It may sound like science fiction, but CO2 could soon be widely used as a raw material for construction and help reduce emissions
‘The Garden of Eden is no more’, or so warned Sir David Attenborough in his speech to the World Economic Forum in Davos at the end of last month. In offering this stark warning, Attenborough gave voice to the growing public awareness that time is running out to solve the challenge of global warming. As he would go on to say: ‘We need to move beyond guilt or blame, and get on with the practical tasks at hand.’
It is without doubt that the construction sector has taken steps to reduce emissions, whether it be in the use of cross laminate timber, or rammed earth. The sector is moving in the right direction; but with the Government estimating that as much as 40% of the UK’s emissions come from the construction sector, predominately from the manufacture of construction products and materials, we still have a long way to go.
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Of course, making the construction sector ‘greener’ is difficult and certainly won’t happen overnight; but what if a possible solution was all around us – literally?
It may sound like science fiction, but carbon dioxide (CO2) – so often maligned as the source of all of the world’s environmental problems – could soon be widely used as a raw material for construction and help reduce emissions.
We are already seeing such actions in other sectors. ClimeWorks, for instance, has pioneered a way to capture, purify and then use CO2 as a renewable onsite resource in the food and agricultural industries, as well as for those that use CO2 as a fuel or chemical raw material.
The construction sector could be next. Thanks to developments in catalytic science, it is now possible to create polyurethane using a process that replaces some of the oil-based raw materials with CO2, thereby significantly utilising and preventing further emissions. Such plastics have wide ranging applications – everything from adhesives used to fix roof tiles in place through to window sealants, wooden floor coatings and rigid foam insulation. What’s more, such plastics function incredibly effectively: they provide good rigidity; increased abrasion resistance; improved chemical resistance; and, in the case of insulation, require less than half the amount of cork or mineral wools to provide the same degree of insulation, and have increased fire resistance.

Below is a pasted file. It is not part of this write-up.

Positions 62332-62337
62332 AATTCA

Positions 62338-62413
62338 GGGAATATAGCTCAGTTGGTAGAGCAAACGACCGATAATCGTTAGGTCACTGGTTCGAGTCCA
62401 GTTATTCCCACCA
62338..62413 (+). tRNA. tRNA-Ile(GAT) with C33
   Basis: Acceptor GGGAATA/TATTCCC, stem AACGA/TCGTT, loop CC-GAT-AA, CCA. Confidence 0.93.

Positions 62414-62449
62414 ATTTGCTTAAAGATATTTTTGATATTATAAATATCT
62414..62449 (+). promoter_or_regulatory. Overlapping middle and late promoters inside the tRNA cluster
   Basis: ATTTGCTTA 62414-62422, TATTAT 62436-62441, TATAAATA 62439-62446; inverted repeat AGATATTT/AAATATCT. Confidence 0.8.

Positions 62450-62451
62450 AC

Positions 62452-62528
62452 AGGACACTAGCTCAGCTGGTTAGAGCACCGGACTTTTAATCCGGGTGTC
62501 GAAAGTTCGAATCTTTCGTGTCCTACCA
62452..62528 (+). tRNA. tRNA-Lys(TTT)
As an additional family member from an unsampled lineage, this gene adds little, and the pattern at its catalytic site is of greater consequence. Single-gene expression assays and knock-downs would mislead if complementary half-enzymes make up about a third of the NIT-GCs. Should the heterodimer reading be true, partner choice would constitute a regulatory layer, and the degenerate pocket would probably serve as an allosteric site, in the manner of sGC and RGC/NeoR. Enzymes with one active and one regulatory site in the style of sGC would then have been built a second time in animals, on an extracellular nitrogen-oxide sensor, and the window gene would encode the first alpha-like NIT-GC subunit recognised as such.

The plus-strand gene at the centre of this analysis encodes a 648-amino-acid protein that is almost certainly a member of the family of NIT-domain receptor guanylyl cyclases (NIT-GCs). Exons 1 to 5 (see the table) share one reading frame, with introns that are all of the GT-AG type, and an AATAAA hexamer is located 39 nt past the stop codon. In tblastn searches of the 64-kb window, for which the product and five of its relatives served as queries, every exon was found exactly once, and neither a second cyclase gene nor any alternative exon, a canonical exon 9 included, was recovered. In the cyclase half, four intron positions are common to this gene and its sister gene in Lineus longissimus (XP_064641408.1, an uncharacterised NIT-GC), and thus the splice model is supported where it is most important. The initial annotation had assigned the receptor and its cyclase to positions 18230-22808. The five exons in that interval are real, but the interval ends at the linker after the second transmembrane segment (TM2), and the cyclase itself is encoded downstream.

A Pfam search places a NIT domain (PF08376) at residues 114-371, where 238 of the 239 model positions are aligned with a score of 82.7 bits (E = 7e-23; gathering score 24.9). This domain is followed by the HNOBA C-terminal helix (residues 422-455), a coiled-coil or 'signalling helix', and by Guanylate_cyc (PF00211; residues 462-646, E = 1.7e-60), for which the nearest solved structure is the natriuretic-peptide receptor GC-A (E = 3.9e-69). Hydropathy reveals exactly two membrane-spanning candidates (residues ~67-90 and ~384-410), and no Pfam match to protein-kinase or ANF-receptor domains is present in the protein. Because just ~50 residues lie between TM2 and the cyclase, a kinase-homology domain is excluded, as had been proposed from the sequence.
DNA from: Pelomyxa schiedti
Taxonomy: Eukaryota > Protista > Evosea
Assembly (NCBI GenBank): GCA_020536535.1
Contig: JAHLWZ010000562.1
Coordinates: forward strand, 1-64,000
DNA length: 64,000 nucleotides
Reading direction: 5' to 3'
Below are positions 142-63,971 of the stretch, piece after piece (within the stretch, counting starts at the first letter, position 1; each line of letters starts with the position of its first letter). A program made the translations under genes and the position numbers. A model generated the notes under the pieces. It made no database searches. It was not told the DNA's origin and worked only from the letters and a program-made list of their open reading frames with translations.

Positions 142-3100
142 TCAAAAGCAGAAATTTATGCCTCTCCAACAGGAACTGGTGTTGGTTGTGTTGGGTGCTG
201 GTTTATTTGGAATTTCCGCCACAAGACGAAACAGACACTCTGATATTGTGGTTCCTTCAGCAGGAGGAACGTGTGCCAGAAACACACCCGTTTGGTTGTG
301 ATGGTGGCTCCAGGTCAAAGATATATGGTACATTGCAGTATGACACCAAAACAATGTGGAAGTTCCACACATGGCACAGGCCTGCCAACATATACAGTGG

It doesn’t stop here: it is even possible to create concrete, one of the biggest contributors to emissions, out of CO2. For instance, CarbonCure technologies allow the CO2 emitted during cement preparation to be transformed into nanosized mineral carbonates that are embedded within the concrete. Carbon8 Aggregate, meanwhile, has pioneered a process that uses CO2 to transform thermal waste into artificial limestone.
We can tackle climate change; and although the clock is still ticking, the hands have not yet struck midnight. Innovations, such as converting CO2 into a raw material, could help cut the construction sector’s emissions by vast amounts. In fact, using CO2 to produce polyurethane would mean decreased carbon emissions – as much as 4 million cars’ worth each year. If, using the right technology, CO2 could be adopted widely across the construction sector, the compound, so widely maligned as a threat to the planet, could yet help save it.